several anti-immigration groups, and Citizens for the Common Defence, a new organization of lawyers dedicated to advancing an expansive view of executive power. Cato opposed religious conservatives in Gonzales v. Oregon (2006), which held that the U.S. attorney general’s rule-making power under the Controlled Substances Act did not give him authority to issue a rule that would disrupt physician-assisted suicide under an Oregon statute. In Hamdan v. Rumsfeld (2006), in which the Supreme Court addressed the use of military commissions to try and punish “enemy combatants,” Cato and the Rutherford Institute opposed the American Center for Law and Justice, Washington Legal Foundation, and Criminal Justice Legal Foundation. In Gonzales v. Carhart (2006), a challenge to the Partial-Birth Abortion Ban Act of 2003, Cato sided with Planned Parenthood, NARAL Pro-Choice America Foundation, and the ACLU against a host of social conservative groups. Last term’s Morse v. Frederick exposed rifts among social conservatives. The case involved a public high school senior who was suspended after he displayed a banner reading “Bong Hits 4 Jesus” across the street from his school in Juneau, Alaska. Kenneth Starr argued on behalf of the school district, arguing that the principal did not violate the First Amendment by restricting expression that he believed might promote illegal drug use. The U.S. solicitor general and other administration officials fi led an amicus brief in support of that position, as did other groups that seek to curb the use of illegal drugs. But they were opposed by many religious conservative groups—such as the American Center for Law and Justice, Rutherford Institute, Christian Legal Society, Alliance Defense Fund, and Liberty Counsel—which argued against giving principals broad discretion to restrict religious expression. These organizations were joined by libertarian organizations such as the Center for Individual Rights and several liberal public interest law groups, including the Lambda Legal Defense and Education Fund. Differences over professional values as well as policy priorities have appeared in other types of public battles. Such divisions were reflected in the infighting ignited by Harriet Miers’s 2005 nomination for Justice Sandra Day O’Connor’s seat on the U.S. Supreme Court. The nomination appeared at first glance to be well calculated to enlist the support of both of the primary constituencies. As a born-again Christian and abortion opponent, Miers might have drawn approval from social conservatives, who had long awaited the appointment of a Supreme Court justice who would shift the balance in the culture wars. Miers’s three decades of experience in a large Dallas firm might have persuaded business advocates to rally to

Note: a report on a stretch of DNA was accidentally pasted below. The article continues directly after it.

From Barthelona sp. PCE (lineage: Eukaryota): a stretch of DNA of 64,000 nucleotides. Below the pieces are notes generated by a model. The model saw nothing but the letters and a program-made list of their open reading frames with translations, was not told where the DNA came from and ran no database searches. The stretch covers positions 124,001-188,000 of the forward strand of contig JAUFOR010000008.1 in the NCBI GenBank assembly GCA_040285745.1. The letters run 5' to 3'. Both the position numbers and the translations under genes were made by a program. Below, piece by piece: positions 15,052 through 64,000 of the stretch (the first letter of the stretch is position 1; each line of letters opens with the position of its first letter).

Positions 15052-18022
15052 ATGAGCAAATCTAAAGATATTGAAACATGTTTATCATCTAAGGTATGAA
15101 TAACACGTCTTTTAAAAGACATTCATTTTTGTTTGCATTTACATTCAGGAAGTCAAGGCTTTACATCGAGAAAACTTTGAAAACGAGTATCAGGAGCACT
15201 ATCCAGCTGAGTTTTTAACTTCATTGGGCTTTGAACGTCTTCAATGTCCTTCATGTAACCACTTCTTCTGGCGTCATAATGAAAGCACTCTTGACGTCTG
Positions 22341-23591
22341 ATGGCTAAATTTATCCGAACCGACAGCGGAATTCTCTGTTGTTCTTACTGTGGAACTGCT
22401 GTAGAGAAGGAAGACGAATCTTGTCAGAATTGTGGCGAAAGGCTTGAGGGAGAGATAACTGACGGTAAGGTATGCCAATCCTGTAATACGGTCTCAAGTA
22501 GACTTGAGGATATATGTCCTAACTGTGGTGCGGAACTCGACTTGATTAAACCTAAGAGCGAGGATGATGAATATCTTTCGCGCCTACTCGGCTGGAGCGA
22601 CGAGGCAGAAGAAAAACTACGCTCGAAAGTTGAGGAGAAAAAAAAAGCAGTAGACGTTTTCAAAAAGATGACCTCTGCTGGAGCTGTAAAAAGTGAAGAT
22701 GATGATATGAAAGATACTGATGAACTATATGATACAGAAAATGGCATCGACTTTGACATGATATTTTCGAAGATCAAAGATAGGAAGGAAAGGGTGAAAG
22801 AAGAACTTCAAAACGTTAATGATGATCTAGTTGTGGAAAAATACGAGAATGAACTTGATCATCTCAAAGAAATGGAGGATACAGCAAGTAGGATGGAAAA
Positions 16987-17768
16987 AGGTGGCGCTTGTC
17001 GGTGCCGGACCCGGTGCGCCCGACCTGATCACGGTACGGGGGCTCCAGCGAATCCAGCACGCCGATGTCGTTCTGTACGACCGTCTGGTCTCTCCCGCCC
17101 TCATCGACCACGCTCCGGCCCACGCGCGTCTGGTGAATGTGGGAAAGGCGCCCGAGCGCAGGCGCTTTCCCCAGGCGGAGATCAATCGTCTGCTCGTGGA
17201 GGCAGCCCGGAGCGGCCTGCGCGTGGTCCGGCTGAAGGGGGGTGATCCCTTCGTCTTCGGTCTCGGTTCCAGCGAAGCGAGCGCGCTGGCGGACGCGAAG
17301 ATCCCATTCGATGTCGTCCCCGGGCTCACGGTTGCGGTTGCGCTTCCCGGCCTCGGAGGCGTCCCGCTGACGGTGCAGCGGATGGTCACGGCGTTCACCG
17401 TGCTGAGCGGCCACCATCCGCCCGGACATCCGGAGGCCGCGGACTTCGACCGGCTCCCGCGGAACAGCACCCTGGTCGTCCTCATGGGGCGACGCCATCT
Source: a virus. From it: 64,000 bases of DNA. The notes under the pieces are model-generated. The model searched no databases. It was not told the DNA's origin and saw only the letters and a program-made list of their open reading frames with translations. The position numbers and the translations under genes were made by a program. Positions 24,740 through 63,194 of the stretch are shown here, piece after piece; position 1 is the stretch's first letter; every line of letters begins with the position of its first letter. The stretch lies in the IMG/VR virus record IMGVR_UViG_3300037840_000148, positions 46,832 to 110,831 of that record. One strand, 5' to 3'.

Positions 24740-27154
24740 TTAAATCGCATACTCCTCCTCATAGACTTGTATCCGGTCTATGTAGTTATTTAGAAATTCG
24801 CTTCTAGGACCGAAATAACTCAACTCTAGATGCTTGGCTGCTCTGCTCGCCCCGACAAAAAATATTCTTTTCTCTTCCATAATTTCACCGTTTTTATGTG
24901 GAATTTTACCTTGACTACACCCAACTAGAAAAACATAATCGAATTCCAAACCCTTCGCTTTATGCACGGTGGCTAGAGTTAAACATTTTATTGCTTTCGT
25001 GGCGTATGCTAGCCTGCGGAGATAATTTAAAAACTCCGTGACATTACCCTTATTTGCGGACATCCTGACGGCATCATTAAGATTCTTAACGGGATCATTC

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defend a prospective jurist drawn from their ranks. Her statement accepting President Bush’s nomination asserted her commitment to “be true to the Founders’ vision of the proper role of courts in our society . . . and to help ensure that the courts meet their obligations to strictly apply the laws and the Constitution” (Broder 2005)—language signaling her approval of the originalism around which lawyers for the various strands of the conservative coalition generally agree. But social conservatives and inside-the-Beltway conservatives quarreled over Miers’s qualifications. Elites argued that Bush should have selected a candidate from the large pool of young conservatives educated at top law schools and carrying impeccable conservative establishment credentials. Robert Bork, for example, called her nomination “a slap in the face to the conservatives who’ve been building up a conservative legal movement for the last 20 years” (Cannon 2005). He argued that she had “no visible judicial philosophy” and “lack[ed] the basic skills of persuasive argument and clear writing” (Bork 2005). Social conservatives complained that such resistance reflected a familiar Eastern elitism, and they initially embraced her nomination (Scheiber 2005). But Christian activists later concluded that Miers had not taken sufficiently clear positions on abortion, gay rights, and religious expression in public life. Her professional identity, as a business lawyer with no record of activism on issues of concern to Christian evangelicals, generated questions about the depth of her devotion to their causes. Business leaders may have had their own doubts about her competence and commitment to the values and issues important to them, and they declined to defend the nomination (Liasson 2005). Some critics charged that Miers’s primary loyalties were neither to the causes that social conservatives hold dear nor to the interests of corporations, but rather to President Bush and his campaign to expand executive power (Daniel and Waldmeir 2005). The White House withdrew Miers from consideration following a ferocious fight among conservative activists and particularly among lawyers of the conservative movement, without significant participation by Democrats (Weisman 2005). Several other recent public controversies reflect differences among lawyers of the conservative coalition over the extent to which causes should prevail over professional values. When Charles Stimson, former deputy assistant secretary for detainee affairs, suggested in January 2007 that corporations should break their ties to the large law firms that represent Guantanamo detainees, elite conservative lawyers joined with liberals to criticize him. Harvard law professor, Charles Fried, for example, published a Wall Street Journal editorial condemning Stimson’s “ignorance and mal-